There was a time in the homeless sector when it was believed that emergency shelter was the only response to help someone in homelessness. No matter how long they stayed in the shelter, or living on the streets, someone had to ‘do the work’, like getting sober, getting on meds, or any other of the 5,342 things we thought they needed to do to make their lives ‘right’, before they could be housed.
And then, along came Housing First. A radically simple and effective approach to supporting people out of homelessness.
One such housing first initiative here in Calgary is, The Madison. The 16 suite apartment building which is owned by the Calgary Homeless Foundation, the Madison provides 24/7 on-site support and housing for 15 formerly homeless veterans.
Three years ago, when I began the Christmas at The Madison project, the intent was to raise money to provide gifts and a dinner at Christmas for the men living at the Madison. It was my way of giving back, and involving my family and friends in the act of giving.
I grew up in a military household. My father was in the RAF and then the RCAF and for most of my formative years, we lived on military bases in Canada and Europe. My father was a proud, and silent, man. He never spoke of the war years. He never spoke of his losses, his regrets, his sorrows. He soldiered through everything, including the heart attack that took his life almost 20 years ago.
My father taught me many things. One of them was the value of a good meal and when he passed away, I wanted to find a way to honour him, to say thank you for the love, the generosity, the many lessons on how to live life fully and completely.
The Madison has become such an opportunity.
Like my father, the men living at the Madison have all served their country. Silently. Proudly. Stoically.
And, like my father, they carry with them memories of the things that have happened, the things they’ve done, the losses they’ve felt and sometimes never known how to express or make sense of.
My father was never homeless, at least not in his adulthood. But, there was a time when he was rootless, lost, alone and feeling abandoned. He never spoke much about those years, about being sent all by himself at nine years of age from London, England to a Catholic boarding school in Gravelbourg, Saskatchewan. The Atlantic Ocean and three-quarters of a continent lay between him and home, and he was heartsick. He ran away as a young teen to Montreal, Quebec and worked in a bakery and when war broke out, he lied about his age and joined the RAF.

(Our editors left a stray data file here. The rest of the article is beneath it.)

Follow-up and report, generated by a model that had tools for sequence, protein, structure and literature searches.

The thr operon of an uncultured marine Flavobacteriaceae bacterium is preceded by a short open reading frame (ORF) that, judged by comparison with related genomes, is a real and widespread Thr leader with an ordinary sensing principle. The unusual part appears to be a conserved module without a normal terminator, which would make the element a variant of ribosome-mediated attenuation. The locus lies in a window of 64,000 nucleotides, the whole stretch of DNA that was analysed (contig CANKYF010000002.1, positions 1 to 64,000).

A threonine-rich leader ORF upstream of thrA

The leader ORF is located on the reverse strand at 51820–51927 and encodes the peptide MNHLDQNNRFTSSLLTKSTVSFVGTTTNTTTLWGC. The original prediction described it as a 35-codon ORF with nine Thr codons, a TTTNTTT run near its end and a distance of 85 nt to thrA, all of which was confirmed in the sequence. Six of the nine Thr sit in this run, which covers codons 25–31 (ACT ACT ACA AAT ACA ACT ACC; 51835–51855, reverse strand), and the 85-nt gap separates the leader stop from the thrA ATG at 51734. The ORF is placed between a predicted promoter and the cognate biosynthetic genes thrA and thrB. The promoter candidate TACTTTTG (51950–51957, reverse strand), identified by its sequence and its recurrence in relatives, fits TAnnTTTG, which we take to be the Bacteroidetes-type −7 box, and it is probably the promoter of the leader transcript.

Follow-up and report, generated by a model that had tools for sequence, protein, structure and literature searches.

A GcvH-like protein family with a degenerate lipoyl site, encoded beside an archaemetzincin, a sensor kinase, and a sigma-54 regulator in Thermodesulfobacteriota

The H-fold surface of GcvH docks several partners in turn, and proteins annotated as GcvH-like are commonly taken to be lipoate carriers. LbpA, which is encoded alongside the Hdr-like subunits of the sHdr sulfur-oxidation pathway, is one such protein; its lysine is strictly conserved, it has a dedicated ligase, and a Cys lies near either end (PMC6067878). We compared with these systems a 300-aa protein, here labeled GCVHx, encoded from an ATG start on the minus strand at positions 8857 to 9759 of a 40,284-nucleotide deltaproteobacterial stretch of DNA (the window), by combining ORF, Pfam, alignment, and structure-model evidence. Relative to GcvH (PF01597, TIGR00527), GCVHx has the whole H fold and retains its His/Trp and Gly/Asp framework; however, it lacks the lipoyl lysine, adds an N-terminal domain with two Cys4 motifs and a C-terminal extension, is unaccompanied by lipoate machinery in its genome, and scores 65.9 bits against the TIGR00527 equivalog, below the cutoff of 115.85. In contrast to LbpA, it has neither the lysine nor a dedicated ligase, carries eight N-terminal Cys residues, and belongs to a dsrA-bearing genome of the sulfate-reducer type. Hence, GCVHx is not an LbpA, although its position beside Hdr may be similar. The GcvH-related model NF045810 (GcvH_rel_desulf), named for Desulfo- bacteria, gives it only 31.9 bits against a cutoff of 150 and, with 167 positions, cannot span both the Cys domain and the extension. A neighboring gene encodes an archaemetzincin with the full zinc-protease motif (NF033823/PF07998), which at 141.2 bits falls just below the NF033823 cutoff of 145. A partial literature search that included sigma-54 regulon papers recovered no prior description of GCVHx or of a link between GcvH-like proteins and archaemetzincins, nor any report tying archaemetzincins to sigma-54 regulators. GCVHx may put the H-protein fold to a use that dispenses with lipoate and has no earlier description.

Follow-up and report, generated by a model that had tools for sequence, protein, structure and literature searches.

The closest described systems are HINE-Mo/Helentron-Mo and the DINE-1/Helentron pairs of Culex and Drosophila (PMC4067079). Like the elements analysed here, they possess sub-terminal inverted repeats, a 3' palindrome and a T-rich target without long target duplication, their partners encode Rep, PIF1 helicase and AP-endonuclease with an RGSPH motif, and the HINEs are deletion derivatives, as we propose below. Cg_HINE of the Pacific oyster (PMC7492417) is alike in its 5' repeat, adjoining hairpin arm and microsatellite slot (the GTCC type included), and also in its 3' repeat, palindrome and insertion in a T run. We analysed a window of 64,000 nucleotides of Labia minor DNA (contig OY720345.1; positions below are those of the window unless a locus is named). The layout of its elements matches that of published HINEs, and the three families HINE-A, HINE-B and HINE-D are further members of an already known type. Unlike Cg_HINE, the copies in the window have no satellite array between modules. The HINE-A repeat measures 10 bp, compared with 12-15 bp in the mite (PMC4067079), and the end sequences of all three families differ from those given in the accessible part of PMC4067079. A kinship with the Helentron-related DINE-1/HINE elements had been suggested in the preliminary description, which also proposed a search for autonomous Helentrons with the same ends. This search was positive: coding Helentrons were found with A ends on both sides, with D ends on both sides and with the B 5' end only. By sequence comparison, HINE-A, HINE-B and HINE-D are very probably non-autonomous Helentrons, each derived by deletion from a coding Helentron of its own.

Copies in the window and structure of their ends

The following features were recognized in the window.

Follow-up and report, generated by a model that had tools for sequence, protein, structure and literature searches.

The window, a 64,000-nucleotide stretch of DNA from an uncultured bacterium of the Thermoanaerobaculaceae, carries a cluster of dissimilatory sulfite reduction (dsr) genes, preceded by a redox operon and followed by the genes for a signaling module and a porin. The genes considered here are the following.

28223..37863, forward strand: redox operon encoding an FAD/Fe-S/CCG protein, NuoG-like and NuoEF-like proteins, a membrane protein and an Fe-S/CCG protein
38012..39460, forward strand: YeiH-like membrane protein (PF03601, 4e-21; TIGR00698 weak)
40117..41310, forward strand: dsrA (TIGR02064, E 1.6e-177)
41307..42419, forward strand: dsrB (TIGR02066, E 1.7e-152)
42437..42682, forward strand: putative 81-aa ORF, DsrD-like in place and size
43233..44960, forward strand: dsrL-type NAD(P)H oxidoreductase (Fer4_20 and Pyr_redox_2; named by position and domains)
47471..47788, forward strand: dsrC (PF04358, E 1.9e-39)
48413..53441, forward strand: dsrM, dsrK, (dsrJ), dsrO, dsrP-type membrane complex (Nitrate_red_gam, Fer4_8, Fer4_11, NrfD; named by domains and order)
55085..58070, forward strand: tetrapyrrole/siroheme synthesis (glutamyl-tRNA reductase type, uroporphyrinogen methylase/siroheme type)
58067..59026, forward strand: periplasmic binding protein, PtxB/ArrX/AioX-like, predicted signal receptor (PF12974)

From then on, his life was a silent story. A book that only he could read, if he ever dared to open the pages.
Giving back to The Madison is my way of giving back to my father. Of making amends for the harsh words I flung at him through my growing years, for the lack of compassion and understanding I never held out to him in his living years.
This year, giving back to The Madison is also a reminder of another very important lesson my father taught me.
For me, I feel like the Christmas at The Madison Benefit Concert is all about the little concert that could. Now entering its fourth year, I am excited to take each next step in its possibilities as it grows into its own strength.
Like the men living at The Madison.
Three years ago, a horde of volunteers accompanied me as we decorated and baked and cooked and served up Christmas dinner with all the fixin’s, including gifts for each of the residents.
Last year, we’d scaled back the size of the crowd so that we didn’t overwhelm the community the men had created at the Madison.
This year, that community of men, along with their team from Alpha House, want to celebrate Christmas of their own making.
It kind of feels like a miracle to me. To evolve from a building of singular men who had only two things in common, they were all veterans and they were all homeless, to a community that wants to create a special day for themselves, is incredible and inspiring and very, very heart-warming.
My father taught me long ago that helping people is very different than supporting them until they can help themselves. People fall in life, he’d say. It is inevitable. Sometimes, they need help to get back up. Never should we become their arms and legs, their hearts and voices. We can’t live someone else’s life, he told me. That’s their job. Just as it’s yours to live yours being and doing the best you can.
This year, the men living at The Madison are doing the best they can to create a Christmas of their own making.
I feel inspired. Giving is receiving and I am grateful for all that I have received.